Sport is integral to the Kiwi way of life and how we see ourselves. But our ‘play hard play fair’ attitude only goes so far – especially when it comes to how we pay sportspeople and their leaders.

Anyone else glued to the telly last week watching the Silver Ferns battle the Aotearoa Men’s team?

As a tall girl, I spent thousands of hours of my youth defending a shooter’s circle. My technique was “the brick wall’’ because it’s hard to put a shot up when you have one in front of you. 

The Aotearoa Men’s players must have felt like that for the Ferns – taller, broader, solid, just like a brick wall. But the agility, speed and skill of the Ferns meant they worked around the sheer size of the men and could win.

While the battle of the sexes played out on court, a report also released last week showed that the playing field is far from equal if you are employed by a sports organisation. 

Sport NZ released the results of its Diversity and Inclusion Survey. The survey of 154 sports organisations found a 15 percent overall gender pay gap and more men in sports leadership roles (especially chief executives, coaches and development managers) who are paid more than women in equivalent roles. Not just a smidge more either. For chief executive positions it is 50 percent more.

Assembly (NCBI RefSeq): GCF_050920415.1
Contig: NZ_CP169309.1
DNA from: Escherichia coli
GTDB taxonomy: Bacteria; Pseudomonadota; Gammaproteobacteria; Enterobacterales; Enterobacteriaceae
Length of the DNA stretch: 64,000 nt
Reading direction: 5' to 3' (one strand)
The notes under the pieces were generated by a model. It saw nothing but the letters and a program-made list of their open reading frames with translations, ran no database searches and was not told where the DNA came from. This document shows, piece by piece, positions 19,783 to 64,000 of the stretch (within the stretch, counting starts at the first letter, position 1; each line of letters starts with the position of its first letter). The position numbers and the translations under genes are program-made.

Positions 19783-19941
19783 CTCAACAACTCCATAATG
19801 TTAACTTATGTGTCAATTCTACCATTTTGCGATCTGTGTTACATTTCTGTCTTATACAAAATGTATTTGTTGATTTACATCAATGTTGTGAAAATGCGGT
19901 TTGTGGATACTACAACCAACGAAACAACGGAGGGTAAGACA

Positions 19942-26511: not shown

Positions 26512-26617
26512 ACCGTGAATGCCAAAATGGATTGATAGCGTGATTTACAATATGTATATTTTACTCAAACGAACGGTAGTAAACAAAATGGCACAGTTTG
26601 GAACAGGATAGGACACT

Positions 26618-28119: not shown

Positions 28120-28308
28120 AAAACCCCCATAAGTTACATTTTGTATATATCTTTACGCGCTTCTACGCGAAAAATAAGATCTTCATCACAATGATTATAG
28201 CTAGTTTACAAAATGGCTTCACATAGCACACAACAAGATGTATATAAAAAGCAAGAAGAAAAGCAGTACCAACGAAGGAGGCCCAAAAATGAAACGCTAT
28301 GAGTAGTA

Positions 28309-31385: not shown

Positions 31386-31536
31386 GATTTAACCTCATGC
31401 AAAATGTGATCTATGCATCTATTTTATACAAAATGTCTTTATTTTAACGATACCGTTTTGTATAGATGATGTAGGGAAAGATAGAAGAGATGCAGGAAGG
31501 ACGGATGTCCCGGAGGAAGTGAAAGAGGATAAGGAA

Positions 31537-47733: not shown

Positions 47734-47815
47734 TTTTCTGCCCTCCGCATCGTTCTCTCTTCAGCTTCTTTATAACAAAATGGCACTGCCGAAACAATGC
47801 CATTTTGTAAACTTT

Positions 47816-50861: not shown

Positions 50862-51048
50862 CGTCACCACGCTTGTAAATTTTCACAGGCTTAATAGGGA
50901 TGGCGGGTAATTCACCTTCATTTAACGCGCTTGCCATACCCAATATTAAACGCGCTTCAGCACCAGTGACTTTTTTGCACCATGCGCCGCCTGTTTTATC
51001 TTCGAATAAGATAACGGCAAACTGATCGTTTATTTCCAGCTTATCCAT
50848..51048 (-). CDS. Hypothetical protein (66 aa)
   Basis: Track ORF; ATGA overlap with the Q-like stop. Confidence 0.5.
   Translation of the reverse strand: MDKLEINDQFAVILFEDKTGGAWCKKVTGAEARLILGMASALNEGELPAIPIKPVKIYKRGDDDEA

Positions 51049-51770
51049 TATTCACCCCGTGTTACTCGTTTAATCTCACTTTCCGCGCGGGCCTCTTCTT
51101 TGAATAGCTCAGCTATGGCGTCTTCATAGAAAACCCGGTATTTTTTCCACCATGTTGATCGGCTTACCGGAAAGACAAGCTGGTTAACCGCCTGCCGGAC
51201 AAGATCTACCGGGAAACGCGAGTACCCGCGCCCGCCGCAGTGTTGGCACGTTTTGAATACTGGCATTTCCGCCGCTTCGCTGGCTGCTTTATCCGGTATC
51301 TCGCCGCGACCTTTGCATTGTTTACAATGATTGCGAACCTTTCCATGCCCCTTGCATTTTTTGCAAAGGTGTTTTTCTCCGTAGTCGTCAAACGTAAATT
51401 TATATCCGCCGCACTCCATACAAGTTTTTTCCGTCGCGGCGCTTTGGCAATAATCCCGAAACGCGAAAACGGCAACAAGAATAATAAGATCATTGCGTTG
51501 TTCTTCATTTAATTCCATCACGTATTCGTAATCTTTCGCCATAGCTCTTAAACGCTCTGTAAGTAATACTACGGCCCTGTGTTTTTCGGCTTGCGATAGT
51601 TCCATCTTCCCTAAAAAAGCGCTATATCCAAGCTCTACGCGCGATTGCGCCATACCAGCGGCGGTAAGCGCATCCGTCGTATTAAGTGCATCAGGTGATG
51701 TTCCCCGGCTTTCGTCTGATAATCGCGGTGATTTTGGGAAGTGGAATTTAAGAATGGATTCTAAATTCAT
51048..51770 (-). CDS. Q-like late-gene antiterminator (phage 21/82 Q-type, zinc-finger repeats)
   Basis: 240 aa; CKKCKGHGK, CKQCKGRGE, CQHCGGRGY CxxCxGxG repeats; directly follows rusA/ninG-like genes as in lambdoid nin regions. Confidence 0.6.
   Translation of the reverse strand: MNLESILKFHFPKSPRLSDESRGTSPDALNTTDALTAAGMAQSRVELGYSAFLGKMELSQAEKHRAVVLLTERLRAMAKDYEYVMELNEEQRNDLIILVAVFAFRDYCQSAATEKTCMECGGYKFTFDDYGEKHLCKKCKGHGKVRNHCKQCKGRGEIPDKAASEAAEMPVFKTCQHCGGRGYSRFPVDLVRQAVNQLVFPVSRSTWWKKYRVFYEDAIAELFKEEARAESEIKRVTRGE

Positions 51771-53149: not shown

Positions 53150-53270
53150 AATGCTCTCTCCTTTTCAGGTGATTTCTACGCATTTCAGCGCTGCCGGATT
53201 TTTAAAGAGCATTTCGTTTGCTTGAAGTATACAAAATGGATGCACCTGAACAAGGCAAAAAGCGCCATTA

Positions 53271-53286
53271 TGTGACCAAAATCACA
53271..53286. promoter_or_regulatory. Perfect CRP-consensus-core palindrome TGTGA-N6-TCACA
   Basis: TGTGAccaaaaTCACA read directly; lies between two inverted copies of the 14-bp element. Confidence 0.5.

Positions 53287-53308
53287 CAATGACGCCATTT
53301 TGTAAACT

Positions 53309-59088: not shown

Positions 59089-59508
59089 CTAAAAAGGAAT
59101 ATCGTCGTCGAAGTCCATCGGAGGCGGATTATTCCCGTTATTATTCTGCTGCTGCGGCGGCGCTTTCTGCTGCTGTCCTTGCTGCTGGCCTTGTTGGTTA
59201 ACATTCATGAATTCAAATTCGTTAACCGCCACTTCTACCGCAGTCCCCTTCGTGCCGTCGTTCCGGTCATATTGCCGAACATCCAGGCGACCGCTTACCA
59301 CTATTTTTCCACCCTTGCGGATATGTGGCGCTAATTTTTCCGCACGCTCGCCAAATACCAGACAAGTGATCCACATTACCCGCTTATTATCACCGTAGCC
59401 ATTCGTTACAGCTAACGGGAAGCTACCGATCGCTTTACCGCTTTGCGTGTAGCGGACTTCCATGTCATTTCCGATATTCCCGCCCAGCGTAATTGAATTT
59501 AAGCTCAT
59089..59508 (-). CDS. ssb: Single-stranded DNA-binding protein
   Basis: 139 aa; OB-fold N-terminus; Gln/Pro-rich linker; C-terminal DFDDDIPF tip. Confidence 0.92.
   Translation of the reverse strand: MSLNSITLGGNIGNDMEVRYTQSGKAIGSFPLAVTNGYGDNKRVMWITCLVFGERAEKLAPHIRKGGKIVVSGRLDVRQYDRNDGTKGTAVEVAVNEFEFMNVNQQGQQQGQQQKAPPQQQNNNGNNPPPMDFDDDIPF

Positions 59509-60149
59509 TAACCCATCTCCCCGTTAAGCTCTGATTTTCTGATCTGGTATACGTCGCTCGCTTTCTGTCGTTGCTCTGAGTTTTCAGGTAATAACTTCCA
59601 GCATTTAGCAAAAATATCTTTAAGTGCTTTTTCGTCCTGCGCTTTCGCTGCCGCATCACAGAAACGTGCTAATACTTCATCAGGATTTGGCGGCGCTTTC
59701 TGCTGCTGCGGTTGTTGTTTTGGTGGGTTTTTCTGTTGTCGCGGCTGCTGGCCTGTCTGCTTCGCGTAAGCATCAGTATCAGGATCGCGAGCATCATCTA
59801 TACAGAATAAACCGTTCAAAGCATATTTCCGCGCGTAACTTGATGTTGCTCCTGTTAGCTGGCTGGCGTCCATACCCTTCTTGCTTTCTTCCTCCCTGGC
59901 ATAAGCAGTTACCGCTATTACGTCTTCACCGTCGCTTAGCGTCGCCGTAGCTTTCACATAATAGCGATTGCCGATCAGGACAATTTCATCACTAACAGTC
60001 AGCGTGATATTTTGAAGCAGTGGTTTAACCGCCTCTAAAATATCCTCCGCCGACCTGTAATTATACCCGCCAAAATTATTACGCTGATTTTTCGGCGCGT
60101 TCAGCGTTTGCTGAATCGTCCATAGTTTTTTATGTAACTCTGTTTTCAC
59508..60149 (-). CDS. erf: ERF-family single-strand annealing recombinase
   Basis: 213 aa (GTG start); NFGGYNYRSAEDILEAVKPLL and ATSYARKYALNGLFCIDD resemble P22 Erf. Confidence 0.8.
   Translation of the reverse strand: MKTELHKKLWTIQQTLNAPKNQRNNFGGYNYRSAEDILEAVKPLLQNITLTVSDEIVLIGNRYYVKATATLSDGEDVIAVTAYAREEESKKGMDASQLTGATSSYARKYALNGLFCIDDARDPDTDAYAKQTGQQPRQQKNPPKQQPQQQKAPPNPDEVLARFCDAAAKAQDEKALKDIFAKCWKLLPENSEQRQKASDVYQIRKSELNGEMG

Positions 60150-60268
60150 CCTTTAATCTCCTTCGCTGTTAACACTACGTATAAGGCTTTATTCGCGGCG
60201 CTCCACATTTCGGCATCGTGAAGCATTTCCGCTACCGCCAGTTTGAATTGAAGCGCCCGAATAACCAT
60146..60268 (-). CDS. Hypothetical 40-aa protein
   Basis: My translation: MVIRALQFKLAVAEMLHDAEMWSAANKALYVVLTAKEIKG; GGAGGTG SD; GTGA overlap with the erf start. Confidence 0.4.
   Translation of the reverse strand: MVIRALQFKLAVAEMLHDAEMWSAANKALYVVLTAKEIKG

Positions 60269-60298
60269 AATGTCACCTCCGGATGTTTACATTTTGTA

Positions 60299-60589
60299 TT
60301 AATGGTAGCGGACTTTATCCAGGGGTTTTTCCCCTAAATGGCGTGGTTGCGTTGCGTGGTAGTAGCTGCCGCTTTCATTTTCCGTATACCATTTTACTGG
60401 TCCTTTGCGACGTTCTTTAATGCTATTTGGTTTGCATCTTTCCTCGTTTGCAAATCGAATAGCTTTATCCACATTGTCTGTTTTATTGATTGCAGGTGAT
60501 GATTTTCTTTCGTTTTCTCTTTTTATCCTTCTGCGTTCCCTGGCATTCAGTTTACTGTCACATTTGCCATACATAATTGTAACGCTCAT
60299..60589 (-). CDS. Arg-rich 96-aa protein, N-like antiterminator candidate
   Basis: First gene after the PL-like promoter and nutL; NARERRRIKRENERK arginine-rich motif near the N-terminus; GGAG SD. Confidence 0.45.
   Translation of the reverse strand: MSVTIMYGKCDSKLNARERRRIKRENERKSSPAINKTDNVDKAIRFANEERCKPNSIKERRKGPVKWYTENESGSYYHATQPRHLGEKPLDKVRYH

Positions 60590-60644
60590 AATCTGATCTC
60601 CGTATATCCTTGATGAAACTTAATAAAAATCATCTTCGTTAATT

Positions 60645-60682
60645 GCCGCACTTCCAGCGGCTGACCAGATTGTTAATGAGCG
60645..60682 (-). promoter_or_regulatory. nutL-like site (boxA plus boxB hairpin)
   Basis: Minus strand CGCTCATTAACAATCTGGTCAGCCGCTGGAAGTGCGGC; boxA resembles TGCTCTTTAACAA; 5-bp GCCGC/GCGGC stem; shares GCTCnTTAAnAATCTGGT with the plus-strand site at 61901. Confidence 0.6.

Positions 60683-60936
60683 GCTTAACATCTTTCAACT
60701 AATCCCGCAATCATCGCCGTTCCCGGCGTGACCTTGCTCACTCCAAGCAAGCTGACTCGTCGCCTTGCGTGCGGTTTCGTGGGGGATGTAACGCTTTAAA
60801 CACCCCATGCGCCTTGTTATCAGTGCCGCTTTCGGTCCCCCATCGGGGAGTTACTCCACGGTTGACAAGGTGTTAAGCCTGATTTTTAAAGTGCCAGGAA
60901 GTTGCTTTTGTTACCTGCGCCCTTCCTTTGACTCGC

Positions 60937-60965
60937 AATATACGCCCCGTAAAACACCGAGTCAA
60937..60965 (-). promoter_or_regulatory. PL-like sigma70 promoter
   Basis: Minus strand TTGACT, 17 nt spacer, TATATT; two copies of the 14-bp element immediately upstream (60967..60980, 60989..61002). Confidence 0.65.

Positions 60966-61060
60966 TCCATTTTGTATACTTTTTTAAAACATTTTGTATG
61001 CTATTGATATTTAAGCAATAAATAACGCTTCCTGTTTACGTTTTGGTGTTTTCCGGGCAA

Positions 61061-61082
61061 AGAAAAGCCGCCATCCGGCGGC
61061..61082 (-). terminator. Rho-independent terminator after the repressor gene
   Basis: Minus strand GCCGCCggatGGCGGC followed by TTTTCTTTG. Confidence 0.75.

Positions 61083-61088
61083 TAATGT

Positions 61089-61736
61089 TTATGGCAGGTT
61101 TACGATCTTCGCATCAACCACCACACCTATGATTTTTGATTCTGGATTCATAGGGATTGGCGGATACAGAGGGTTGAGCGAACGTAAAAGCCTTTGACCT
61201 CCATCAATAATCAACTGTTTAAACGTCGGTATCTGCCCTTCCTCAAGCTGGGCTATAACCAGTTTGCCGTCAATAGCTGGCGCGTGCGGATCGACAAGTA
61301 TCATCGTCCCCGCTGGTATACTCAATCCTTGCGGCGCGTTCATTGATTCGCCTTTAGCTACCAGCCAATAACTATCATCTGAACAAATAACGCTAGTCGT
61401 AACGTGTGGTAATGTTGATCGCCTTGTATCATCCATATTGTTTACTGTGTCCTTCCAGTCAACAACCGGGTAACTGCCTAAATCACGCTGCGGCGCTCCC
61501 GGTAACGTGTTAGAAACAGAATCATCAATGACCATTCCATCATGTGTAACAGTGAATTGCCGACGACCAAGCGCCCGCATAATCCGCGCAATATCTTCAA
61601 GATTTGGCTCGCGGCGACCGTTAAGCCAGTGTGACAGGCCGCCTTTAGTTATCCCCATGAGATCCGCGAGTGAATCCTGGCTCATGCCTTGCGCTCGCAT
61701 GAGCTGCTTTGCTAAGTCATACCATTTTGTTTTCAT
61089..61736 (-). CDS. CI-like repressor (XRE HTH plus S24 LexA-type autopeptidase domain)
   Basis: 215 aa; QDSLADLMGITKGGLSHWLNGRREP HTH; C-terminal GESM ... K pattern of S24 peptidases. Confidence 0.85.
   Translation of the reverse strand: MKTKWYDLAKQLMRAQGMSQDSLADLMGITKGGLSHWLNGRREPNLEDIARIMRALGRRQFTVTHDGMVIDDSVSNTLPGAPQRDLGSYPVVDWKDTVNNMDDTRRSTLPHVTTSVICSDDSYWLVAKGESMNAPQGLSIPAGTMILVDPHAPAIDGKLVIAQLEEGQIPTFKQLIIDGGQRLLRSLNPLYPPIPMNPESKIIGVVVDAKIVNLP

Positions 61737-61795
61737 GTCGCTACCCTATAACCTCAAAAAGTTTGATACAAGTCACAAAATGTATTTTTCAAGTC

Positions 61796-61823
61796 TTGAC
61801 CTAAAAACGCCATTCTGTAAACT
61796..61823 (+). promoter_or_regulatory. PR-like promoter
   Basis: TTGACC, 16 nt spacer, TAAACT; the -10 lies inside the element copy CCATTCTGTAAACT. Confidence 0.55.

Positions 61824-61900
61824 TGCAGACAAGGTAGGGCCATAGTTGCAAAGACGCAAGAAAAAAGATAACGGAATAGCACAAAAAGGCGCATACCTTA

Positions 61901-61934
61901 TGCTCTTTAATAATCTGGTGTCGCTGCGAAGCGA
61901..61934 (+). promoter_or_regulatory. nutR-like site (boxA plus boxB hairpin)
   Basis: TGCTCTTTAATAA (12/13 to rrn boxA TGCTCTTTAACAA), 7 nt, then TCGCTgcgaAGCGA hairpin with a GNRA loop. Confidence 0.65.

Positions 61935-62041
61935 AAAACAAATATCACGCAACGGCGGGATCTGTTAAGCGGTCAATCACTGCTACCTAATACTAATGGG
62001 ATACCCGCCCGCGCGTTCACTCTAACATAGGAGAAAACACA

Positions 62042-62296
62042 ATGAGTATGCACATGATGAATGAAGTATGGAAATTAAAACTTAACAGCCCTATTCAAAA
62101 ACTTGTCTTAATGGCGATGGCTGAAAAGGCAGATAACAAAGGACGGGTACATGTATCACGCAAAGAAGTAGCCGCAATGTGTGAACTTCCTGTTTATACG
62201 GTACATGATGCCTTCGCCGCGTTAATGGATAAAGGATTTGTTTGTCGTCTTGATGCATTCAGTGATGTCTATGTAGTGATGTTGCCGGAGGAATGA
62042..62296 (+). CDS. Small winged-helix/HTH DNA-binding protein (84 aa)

Māori employees are paid 12 percent less; 16 percent less if in leadership roles. Pasifika, Asian and Chinese employees are under-represented in the sports workforce, representing 6 percent of employees in total. 

For those sport workers, the pay gaps will matter because they represent less pay in their pockets each week. 

But there is a bigger game at play here.

Sport – which by Sport NZ’s definition extends to recreation and play – is such an integral part of life on our isles. Their 2017 survey found that 84 percent of us think sport and physical activity brings us together and creates a sense of belonging. 

More than that (86 percent) think that high performance sport instils a sense of pride in our country and contributes to our national identity.

We also think sport is key to building life skills like co-operating with others and builds strong, vibrant communities. Twenty six percent of new migrants join a sports club, the single most popular group for new migrants. 

One million of us even think that sport is so important that we volunteer to help each year. If your sports volunteering was anything like mine, that meant cold, wet, windy Saturday mornings coaching or refereeing on the sidelines.

The survey presented back to us what we probably already knew: sport for us is about national identity, a sense of belonging, community, and inclusion. 

So it is vitally important that sports represents who we are and aspire to be. And that includes being fair.

We play hard but we play fair. We don’t like cheats or underhanded tactics or bad losers. 

Except that we aren’t fair when it comes to paying some of the people who lead, coach, and administer sport. 

And that is just not cricket. 

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